And where did we end up, you’re wondering? Two hours later we pulled into Combe Haven Holiday Park in East Sussex – the location of our first ever family holiday in 2001!
I’d actually caught Jed looking at UK holiday deals at Haven a while ago but thought nothing of it. Now it all made sense!

holidays, Haven

A perfect weekend

To describe it in one word, the whole weekend was perfect from start to finish. Away from the stresses of domestic life, we had a wonderful time being together as a family. It’s cheesy but that’s the best Mother’s Day present I could have asked for (you’re right, that is cheesy).
On Mother’s Day itself, Jed sent me off for a day of pampering and relaxation at the owner’s-only spa (we were staying at his best friend’s caravan so we could enjoy all the privileges of an owner). After a little work out at the gym to re-energise, I watched all my worries and stresses disappear as I relaxed in the sauna. And as for the spa treatments – they were just heavenly.
But you know what the best bit was? When I got back to the caravan, Jed and the kids had made me a lovely meal. It looked quite elaborate for something cooked in a caravan (roast potatoes and everything!) but then I forget that these holiday homes have all the mod cons these days!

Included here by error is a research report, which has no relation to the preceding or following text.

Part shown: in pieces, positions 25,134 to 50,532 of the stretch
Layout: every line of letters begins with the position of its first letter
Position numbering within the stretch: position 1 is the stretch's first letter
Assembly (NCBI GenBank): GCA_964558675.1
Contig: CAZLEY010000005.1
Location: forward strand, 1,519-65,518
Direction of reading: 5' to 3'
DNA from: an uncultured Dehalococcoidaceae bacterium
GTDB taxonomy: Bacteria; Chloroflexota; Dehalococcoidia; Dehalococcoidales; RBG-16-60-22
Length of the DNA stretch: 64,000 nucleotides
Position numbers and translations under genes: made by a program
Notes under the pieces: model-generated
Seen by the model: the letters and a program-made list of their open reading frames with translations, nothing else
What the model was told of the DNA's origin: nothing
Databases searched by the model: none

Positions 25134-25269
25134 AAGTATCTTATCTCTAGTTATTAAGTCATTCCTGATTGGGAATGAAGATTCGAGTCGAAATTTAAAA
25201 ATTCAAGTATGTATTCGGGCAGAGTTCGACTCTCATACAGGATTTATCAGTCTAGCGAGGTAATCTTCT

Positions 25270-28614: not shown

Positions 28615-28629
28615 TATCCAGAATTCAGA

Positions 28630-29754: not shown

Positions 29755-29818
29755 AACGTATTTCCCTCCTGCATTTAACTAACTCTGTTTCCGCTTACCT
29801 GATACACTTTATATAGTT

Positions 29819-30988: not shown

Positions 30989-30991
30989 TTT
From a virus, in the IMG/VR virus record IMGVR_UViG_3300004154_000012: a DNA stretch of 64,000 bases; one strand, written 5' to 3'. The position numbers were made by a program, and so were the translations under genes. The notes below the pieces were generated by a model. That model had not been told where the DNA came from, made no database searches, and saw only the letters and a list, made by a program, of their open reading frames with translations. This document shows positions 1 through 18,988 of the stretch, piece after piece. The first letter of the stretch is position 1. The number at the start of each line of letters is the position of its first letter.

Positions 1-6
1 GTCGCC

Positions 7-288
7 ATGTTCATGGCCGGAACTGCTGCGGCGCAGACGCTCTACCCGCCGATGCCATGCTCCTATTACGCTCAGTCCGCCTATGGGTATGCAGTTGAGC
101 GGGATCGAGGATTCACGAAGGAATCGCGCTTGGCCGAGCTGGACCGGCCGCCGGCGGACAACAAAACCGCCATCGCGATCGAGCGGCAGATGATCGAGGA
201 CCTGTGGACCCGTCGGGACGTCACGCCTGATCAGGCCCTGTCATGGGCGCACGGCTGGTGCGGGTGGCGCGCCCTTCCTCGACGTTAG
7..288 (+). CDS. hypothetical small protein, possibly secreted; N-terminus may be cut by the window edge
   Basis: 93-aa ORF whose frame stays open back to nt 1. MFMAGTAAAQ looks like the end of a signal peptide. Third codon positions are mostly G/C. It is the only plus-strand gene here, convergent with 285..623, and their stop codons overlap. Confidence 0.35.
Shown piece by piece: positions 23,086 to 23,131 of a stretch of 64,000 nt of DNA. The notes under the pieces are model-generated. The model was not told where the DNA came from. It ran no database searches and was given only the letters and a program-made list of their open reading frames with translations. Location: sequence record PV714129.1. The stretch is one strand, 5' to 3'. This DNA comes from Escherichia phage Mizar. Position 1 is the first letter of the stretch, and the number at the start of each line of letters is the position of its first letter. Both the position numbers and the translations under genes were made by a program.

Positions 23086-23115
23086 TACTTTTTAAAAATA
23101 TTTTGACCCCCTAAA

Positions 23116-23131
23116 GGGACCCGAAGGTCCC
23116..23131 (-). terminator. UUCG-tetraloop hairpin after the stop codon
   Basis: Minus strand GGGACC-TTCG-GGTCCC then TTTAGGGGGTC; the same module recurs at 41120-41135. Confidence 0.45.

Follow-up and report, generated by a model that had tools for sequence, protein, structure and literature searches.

To top it all off, they had one more surprise up their sleeves. After lunch they told me to put on my trainers because we were going for a walk. And where they took me was spectacular. There’s a spot on the park that has incredible views of the English Channel so once we reached it, we all got together for a family photo with the beautiful scenery in the background to help remember the day.
It really was the perfect Mother’s Day. And the secret? Don’t stay at home!"

coombe haven, Haven, holidays

A guest post in collaboration with Haven Holidays.

Wednesday, 29 January 2014

Wish I Was There Photo Competition #AFWishIWasThere

The January weather is wet and miserable.  The sky is grey and the rain is unrelenting.  Not a great way to start the new year.  As I sit and look out of my window at another dull day, my mind is wandering back to last summer.  The unexpectedly gorgeous weather was the perfect setting for spending many a glorious day basking in the sunshine.  In August we took the family to Disneyland Paris.  The weather was positively tropical with the temperature creeping over 30 degrees, which was a huge bonus.  My kids adore Disney so spending five days onsite with a premium dining plan was the perfect vacation.  The Disney magic was sprinkled over our holiday in abundance as we watched parades, enjoyed rides, met characters and spent quality time together as a family.  For us, this is the perfect ingredients for the ideal holiday. The smiles on the children's faces were simply priceless and the laughter, fun and memories we shared will last a lifetime.  I wish I was back there now!

disney, holidays

disney, holidays

If you have a photo of your summer holidays that makes you wish you were there, Al Fresco Holidays would love you to share them.  You could win £300 holiday vouchers or a Nikon Camera! Ten runners up will win a printed copy of their photo.

My 2014 Reading List - 10 books that will change your life

I am a member of the Collective Bias® Social Fabric® Community. This shop has been compensated as part of a social shopper amplification for Collective Bias and its advertiser.